2 Making a book area

In Case Study 2, a teacher takes steps to improve the classroom reading environment.

Case Study 2: Mrs Shanta makes a book area

Mrs Shanta is a primary school teacher of Class V in a co-educational government school.

Most of the students in my class don’t have any books at home. Although my students had the opportunity to borrow books from the school library once a week during the library period, they were not very interested in reading.

I examined my classroom. It had very few books for my students to read. Moreover, because these few books were kept inside a cupboard, they were often not visible. I decided to try making some changes.

First I increased the number of books in the classroom. I asked my colleagues for any surplus books. I decided to spend all my annual allowance for purchasing teaching and learning materials on books. I bought many interesting, inexpensive books from the National Book Trust and Children’s Book Trust. With the help of my students, I also made some story books using notebooks and magazine pictures.

While selecting and making the books, I tried to make them appealing to my students. I included picture books, easy-to-read books for early readers, fables and folk tales, information books, jokes and riddle books, poetry books, comics (including Spiderman), books on sports, and books on making things. I also borrowed children’s magazines from the school library. I avoided preachy, ‘moral’ stories, since from experience I knew they put off students. However, I did take care to choose some stories that convey important messages. For example, there is a Children’s Book Trust’s publication about the problems of a tribal boy on his first few days at school due to the insensitivity of other students and the teacher, and another book about a student being bullied for stammering.

My next task was to create a ‘mini-library’ in the corner in my classroom, with shelves and a reading area. I asked my students’ advice as to where this might be. Initially they felt that the room was too small to accommodate this, but when we rearranged all the furniture we were surprised that everything could fit in.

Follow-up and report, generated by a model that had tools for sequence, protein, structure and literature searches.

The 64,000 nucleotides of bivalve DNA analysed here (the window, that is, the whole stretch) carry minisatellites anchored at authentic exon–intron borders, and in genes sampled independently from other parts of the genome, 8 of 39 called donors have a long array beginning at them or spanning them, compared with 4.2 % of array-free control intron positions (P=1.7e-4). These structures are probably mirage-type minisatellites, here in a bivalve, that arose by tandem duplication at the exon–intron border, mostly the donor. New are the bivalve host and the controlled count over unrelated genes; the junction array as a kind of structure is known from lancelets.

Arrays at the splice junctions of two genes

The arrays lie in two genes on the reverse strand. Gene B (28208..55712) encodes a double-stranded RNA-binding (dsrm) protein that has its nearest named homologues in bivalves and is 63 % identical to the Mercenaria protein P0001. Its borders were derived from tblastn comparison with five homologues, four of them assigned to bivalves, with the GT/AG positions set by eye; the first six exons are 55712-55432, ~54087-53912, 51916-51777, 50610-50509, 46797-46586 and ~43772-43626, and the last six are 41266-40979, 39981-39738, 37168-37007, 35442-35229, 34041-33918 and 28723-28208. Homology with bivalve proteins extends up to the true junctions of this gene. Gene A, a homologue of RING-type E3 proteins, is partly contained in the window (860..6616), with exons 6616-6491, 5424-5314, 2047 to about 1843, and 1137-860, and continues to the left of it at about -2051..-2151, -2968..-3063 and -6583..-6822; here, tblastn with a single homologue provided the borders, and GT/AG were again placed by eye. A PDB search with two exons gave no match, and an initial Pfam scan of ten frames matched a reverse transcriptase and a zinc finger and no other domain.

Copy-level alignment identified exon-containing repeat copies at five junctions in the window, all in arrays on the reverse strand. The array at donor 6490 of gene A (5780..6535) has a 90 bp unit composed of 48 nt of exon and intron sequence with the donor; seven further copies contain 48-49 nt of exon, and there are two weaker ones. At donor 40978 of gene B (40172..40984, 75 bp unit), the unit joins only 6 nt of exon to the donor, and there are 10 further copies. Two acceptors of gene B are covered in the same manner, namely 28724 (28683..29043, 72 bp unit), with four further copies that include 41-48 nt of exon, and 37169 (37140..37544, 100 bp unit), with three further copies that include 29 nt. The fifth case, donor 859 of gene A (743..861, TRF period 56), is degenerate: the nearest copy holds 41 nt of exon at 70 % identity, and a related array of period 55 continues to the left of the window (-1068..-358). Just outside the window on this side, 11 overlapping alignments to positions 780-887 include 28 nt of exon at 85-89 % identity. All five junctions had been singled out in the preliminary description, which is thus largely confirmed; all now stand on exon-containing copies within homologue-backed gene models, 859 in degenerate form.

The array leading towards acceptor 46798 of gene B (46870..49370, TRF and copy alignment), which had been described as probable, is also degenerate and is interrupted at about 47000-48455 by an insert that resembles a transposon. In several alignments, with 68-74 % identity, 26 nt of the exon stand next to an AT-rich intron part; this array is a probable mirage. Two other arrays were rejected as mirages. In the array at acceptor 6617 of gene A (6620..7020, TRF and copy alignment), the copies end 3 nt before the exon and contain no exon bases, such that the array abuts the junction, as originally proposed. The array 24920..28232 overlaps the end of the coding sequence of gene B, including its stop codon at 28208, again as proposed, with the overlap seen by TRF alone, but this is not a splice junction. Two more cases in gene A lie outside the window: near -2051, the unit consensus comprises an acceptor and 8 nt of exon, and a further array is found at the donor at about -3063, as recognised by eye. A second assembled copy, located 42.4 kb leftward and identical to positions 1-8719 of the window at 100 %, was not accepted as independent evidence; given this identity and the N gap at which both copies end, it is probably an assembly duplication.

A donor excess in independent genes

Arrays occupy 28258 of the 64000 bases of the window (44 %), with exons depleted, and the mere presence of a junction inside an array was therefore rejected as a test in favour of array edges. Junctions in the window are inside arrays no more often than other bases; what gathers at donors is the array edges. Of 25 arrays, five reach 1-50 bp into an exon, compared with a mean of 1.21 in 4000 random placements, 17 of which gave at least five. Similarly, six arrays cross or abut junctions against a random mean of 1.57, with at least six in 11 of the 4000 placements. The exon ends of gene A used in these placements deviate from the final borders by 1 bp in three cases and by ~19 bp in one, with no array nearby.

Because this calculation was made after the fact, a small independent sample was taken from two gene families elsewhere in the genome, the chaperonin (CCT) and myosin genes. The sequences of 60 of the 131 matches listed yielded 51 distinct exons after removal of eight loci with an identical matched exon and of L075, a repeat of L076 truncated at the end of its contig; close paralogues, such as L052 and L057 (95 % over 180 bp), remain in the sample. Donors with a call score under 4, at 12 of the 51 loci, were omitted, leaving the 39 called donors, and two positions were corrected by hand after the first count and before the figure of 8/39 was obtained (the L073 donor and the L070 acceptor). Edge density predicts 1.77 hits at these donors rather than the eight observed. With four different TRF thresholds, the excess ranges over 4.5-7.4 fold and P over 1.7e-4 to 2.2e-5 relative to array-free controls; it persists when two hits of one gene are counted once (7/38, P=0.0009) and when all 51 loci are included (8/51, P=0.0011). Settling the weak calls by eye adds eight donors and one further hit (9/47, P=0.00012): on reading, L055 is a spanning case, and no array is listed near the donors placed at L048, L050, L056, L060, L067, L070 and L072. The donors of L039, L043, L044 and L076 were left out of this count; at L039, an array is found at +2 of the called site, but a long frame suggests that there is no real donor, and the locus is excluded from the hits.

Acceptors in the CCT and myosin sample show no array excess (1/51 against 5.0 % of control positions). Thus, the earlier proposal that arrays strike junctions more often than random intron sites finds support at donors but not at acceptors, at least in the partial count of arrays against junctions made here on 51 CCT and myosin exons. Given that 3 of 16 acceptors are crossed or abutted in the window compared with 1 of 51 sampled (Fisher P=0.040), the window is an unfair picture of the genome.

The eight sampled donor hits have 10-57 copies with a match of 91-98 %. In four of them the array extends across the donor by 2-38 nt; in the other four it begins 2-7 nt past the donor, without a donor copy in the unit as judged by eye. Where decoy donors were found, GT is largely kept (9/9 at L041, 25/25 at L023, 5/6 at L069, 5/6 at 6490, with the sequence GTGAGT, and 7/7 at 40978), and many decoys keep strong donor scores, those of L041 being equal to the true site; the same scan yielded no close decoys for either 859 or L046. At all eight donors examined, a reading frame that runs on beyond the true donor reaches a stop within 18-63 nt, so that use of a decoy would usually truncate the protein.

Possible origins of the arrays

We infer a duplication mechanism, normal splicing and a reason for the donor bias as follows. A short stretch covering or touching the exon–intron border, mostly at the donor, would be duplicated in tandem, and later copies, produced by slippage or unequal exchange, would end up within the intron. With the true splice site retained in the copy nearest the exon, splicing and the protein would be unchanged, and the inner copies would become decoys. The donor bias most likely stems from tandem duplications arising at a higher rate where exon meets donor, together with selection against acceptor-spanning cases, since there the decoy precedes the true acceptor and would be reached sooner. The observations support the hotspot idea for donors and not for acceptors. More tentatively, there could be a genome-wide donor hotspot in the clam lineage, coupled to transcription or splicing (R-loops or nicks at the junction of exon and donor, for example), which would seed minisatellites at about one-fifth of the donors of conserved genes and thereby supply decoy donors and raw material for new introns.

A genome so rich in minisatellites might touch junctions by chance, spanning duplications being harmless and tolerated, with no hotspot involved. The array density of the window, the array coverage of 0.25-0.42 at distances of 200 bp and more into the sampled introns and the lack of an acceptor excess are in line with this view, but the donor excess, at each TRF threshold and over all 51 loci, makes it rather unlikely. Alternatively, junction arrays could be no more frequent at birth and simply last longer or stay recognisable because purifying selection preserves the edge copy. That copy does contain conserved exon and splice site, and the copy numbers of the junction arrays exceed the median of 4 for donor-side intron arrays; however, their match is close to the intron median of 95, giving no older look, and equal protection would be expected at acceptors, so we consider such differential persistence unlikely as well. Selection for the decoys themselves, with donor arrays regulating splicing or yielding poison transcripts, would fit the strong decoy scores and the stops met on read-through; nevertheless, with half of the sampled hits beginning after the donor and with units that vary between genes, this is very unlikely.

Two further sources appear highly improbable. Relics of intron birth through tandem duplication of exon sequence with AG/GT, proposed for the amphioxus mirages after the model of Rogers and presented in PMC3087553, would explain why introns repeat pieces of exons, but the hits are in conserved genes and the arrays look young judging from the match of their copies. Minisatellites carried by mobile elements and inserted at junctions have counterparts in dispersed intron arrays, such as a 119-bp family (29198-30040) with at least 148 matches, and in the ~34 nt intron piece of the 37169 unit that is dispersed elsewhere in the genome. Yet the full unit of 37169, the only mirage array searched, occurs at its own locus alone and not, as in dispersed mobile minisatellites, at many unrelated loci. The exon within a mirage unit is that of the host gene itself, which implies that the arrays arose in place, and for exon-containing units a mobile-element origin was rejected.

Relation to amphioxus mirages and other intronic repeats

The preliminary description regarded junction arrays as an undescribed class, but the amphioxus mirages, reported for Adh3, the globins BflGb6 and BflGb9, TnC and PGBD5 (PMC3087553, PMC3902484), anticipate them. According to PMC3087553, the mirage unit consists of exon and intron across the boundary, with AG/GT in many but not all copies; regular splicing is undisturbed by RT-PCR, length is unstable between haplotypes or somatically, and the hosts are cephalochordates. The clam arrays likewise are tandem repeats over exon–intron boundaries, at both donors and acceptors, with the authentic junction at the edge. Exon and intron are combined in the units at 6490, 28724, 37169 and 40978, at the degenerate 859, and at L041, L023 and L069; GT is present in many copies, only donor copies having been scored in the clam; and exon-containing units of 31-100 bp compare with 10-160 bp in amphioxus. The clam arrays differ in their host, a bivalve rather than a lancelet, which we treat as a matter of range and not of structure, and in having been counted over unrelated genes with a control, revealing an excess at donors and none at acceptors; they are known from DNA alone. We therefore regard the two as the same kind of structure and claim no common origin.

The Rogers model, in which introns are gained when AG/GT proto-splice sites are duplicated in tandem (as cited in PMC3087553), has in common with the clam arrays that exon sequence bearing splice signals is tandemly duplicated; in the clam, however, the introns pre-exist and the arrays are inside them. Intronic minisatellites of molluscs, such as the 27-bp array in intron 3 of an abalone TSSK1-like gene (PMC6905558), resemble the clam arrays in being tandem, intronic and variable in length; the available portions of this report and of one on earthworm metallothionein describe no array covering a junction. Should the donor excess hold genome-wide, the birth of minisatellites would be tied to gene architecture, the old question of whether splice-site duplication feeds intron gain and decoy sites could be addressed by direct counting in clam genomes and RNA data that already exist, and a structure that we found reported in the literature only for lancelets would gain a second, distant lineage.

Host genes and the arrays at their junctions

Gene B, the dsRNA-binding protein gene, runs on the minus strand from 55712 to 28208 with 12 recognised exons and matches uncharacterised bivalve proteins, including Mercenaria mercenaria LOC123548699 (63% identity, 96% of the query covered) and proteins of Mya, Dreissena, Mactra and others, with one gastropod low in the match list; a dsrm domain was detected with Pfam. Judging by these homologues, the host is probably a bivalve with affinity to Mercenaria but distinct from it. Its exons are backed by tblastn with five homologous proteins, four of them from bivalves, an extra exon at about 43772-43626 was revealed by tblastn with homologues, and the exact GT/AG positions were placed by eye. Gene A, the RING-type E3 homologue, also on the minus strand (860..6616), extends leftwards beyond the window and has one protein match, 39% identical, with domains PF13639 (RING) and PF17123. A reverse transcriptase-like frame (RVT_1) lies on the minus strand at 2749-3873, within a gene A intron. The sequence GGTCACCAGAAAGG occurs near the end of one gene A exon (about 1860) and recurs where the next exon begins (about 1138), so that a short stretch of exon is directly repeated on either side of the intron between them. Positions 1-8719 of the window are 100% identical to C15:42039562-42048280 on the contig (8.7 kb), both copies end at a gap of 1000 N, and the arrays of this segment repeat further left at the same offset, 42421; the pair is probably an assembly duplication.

I placed a mat in the library corner because most of the students found it more comfortable to read while sitting on the floor. I obtained some attractive posters, free from book sellers, to encourage reading. A chair provided a place for me or one of the students to read aloud to the other students (Figure 1).

Figure 1 Mrs Shanta’s class library.

The students referred to the corner as a special place. The book corner gave them the message that books are so valued that space should be taken from the rest of classroom to make room for them. The students asked for more time to use the corner and permission to eat while reading the books.

Pause for thought

  • What were the sources of reading materials for Mrs Shanta’s class library?
  • Do you have access to any of these sources?
  • Do you think it is appropriate to let students eat while reading? Why, or why not?

Activity 2: Look around your classroom – a planning activity

Look around your classroom and think about how you could arrange the space and furniture to make a small class library in a corner, as in Figure 2. Make a list of:

  • books you can get from the local library
  • books you can make
  • magazines or newspapers you can get from other teachers, friends and family
  • posters about books
  • any other reading materials.
Figure 2 An example of a class book area.

Talk to other teachers about how you could work together to create shared resources for reading.

See Resource 1, ‘Involving all’, to learn more about developing resources for a range of interests and abilities.

1 Providing a reading environment

3 The students’ reading